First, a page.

One of the best shareholder letters provided to investors is the one from Chris Bloomstran at Semper Augustus Investments (SAI). In his latest 2019 year end letter he provided an incredibly detailed fifty plus page analysis on Berkshire Hathaway with topics including:
- BERKSHIRE HATHAWAY: THE SKY IS FALLING 69
- Interval Training 70
- Above the Fold 75
- Bye-Bye Book Value 77
- If a Tree Falls in the Forest 80
- The Fumblerooskie 85
- The Dual Yardsticks of Intrinsic Value 86
- Book Value Receives a Complement 87
- Oh, What a Night 91
- Berkshire Hathaway: Ten-Year Expected Return 94
- Estimating Fourth Quarter and Full-Year GAAP Net Income and Change in Book Value 96
- Berkshire Hathaway Intrinsic Value Update 101
- GAAP Adjusted Financials Approach 102
- Other Methods for Valuing Berkshire 115
- Sum of the Parts Basis 116
- Simple Price to Book Value Basis 121
- Two-Pronged Approach 122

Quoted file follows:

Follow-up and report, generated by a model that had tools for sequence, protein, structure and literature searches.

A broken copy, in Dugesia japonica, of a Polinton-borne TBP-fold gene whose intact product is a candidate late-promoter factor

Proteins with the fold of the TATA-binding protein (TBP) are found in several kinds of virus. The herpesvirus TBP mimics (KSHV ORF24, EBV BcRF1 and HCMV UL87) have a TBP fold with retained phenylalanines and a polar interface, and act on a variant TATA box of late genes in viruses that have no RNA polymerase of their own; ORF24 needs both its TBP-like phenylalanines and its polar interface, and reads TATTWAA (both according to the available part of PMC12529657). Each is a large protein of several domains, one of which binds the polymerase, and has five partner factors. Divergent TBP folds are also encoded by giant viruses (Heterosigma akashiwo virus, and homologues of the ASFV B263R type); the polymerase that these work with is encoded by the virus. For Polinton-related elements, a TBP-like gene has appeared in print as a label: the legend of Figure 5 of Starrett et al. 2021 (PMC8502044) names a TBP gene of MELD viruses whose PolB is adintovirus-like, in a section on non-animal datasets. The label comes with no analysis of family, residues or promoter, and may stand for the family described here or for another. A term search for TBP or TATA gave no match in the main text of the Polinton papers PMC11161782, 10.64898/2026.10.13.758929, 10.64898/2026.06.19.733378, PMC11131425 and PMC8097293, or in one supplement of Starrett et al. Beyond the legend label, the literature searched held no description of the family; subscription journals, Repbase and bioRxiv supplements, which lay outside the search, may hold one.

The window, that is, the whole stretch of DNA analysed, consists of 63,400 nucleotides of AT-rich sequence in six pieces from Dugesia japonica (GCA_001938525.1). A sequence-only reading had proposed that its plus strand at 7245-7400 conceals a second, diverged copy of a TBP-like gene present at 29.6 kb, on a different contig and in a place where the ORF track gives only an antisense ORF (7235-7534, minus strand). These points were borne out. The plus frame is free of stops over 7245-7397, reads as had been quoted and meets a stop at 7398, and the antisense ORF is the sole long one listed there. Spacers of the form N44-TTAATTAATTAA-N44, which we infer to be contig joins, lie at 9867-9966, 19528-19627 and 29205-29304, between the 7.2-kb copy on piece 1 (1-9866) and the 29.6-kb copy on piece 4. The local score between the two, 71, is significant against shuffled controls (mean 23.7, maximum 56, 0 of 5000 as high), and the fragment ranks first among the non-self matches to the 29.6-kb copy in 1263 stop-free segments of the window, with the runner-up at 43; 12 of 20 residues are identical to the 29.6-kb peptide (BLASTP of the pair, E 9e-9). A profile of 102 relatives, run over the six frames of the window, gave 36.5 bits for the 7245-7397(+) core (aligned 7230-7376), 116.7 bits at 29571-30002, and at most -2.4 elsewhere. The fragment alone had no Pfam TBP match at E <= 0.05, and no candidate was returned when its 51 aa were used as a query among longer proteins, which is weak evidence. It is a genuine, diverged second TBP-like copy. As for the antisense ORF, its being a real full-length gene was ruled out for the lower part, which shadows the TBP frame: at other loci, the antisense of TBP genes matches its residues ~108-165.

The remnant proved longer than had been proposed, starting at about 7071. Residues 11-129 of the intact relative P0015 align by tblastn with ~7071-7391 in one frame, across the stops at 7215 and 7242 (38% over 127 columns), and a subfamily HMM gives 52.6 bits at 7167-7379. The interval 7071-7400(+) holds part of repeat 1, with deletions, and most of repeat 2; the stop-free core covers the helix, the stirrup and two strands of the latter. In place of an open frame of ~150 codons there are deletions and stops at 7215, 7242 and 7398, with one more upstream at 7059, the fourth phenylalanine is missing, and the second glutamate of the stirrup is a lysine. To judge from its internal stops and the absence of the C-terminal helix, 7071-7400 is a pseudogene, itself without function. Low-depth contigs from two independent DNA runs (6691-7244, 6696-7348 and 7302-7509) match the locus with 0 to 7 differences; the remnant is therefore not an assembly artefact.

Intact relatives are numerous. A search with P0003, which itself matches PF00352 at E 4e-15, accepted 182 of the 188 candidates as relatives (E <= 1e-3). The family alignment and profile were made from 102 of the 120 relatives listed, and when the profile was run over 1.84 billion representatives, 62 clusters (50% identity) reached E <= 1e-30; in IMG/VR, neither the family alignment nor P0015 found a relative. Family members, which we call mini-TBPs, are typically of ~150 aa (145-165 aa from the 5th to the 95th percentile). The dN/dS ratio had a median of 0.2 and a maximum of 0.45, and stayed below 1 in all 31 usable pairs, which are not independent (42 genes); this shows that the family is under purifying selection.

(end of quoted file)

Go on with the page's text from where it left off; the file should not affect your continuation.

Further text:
According to their latest 13F, SAI has a significant concentration of its portfolio in Berkshire Hathaway Class B shares (187,771), at a market value of $42,530,000.
One section from the letter that caught our eye is titled – Dropping Dimes – Can a Dividend be a Mistake?, which might help to explain why Berkshire is reluctant to pay dividends saying:
Berkshire paid a $0.10 per share dividend to shareholders on January 3, 1967. What’s a dime of Berkshire worth today? The lone dime dividend was a mere 0.54% yield on the $17.87 stock price. Had Berkshire not paid the $101,755 dividend, the retained dividend would be worth $3.1 billion today.
The $0.10 dividend was the only dividend ever paid by current management. We know Berkshire can’t compound at anywhere near its rate since 1967, but at 10% the same 54 basis point dividend grows to $484 billion in another 53 years. Next time someone clamors for a dividend from Omaha, tell them to drop a dime in a payphone and call 911.
You can read the entire letter here – Semper Augustus 2019 Annual Letter.
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